What About Unprocessed Foods?

Comparing labels on processed foods takes a lot of the guesswork out of sodium-smart shopping, but what about the foods that are sold in their natural state, without nutrition information? Although you may assume that these foods contain only naturally occurring sodium, some of these common products are actually processed in some way.

Ask your store manager if nutrition information for unlabeled and locally produced foods is available. If not, following a few general guidelines can make shopping for unlabeled foods a little easier:

PRODUCE If a food is still in its natural “packaging” (for example, whole melons or fresh vegetables), there is less chance that it has been enhanced or changed in the move from farm to market. If a vegetable has been cut, prepared, and commercially packaged, even if it's called “organic” or “natural,” there's a possibility that sodium has been added in some form.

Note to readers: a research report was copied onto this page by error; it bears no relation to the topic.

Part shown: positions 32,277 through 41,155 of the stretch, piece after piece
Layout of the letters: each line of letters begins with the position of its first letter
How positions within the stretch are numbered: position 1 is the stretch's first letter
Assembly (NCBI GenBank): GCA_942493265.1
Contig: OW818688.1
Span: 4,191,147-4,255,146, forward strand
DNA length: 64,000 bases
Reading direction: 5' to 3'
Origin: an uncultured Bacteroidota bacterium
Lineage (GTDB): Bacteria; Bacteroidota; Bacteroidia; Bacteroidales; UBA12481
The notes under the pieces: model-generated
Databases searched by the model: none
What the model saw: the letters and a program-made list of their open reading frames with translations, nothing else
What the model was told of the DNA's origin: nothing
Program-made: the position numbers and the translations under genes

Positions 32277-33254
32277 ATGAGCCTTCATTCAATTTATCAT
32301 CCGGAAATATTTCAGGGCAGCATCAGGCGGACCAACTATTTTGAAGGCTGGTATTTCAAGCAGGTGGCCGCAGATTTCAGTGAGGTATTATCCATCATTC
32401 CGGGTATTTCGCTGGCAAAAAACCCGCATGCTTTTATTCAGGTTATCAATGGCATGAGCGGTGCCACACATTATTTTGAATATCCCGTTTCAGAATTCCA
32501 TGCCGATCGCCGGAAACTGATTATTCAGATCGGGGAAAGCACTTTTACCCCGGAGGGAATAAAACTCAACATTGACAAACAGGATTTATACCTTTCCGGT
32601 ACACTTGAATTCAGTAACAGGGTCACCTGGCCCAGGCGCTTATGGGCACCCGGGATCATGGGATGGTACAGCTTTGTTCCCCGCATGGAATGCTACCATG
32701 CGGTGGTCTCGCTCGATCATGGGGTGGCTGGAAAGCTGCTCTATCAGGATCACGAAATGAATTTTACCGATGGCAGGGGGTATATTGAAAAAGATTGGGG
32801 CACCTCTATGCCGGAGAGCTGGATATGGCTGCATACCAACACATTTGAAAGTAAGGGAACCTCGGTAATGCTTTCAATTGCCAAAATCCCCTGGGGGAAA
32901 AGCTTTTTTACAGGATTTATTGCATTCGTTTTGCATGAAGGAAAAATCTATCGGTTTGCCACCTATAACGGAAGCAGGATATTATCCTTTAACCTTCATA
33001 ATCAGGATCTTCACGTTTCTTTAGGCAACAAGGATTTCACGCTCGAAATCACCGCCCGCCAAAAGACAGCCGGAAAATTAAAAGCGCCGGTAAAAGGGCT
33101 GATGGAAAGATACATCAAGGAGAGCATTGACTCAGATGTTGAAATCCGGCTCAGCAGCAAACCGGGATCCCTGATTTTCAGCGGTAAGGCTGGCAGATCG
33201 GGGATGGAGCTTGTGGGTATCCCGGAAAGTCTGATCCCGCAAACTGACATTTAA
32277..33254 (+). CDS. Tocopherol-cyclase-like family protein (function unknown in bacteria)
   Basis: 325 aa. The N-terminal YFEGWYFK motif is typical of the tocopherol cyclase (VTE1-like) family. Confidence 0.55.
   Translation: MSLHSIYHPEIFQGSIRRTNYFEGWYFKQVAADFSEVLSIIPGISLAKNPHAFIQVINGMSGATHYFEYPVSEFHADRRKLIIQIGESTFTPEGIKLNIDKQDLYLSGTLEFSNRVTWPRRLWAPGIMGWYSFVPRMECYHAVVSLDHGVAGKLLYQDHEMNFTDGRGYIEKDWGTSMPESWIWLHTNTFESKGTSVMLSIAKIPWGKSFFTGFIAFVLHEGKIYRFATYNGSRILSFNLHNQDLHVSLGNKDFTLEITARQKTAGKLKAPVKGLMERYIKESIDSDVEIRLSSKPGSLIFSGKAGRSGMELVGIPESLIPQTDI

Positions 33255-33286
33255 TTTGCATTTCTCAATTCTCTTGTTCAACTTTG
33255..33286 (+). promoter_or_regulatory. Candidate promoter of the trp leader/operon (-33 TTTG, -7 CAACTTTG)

POULTRY, MEAT, AND SEAFOOD When choosing among commercial brands, look for unenhanced products, especially uninjected poultry. Although you expect saltwater seafood to contain some naturally occurring sodium, you may be getting more than you bargained for because salt is added to many brands of commercially distributed shrimp, clams, scallops, and mussels. If you're buying local, talk to farmers and distributors to find out how meat has been processed before being brought to market. Keep in mind, too, that locally made sausage, ham, and bacon are just as high in sodium as the commercial brands because salt is needed for the curing process.

BAKED GOODS AND BREADS Bakeries and pastry shops are tempting for a good reason: their products are freshly made and beautifully presented. Just because these treats are not made by a national manufacturer, however, doesn't mean that they are lighter in salt than their commercially distributed counterparts. In fact, most baked goods require a certain amount of salt to rise properly and have a good consistency. You can ask at individual establishments whether nutrition information is available, but these foods are good candidates for the rethink or reduce categories. Save them for occasional treats to save on both sodium and calories.

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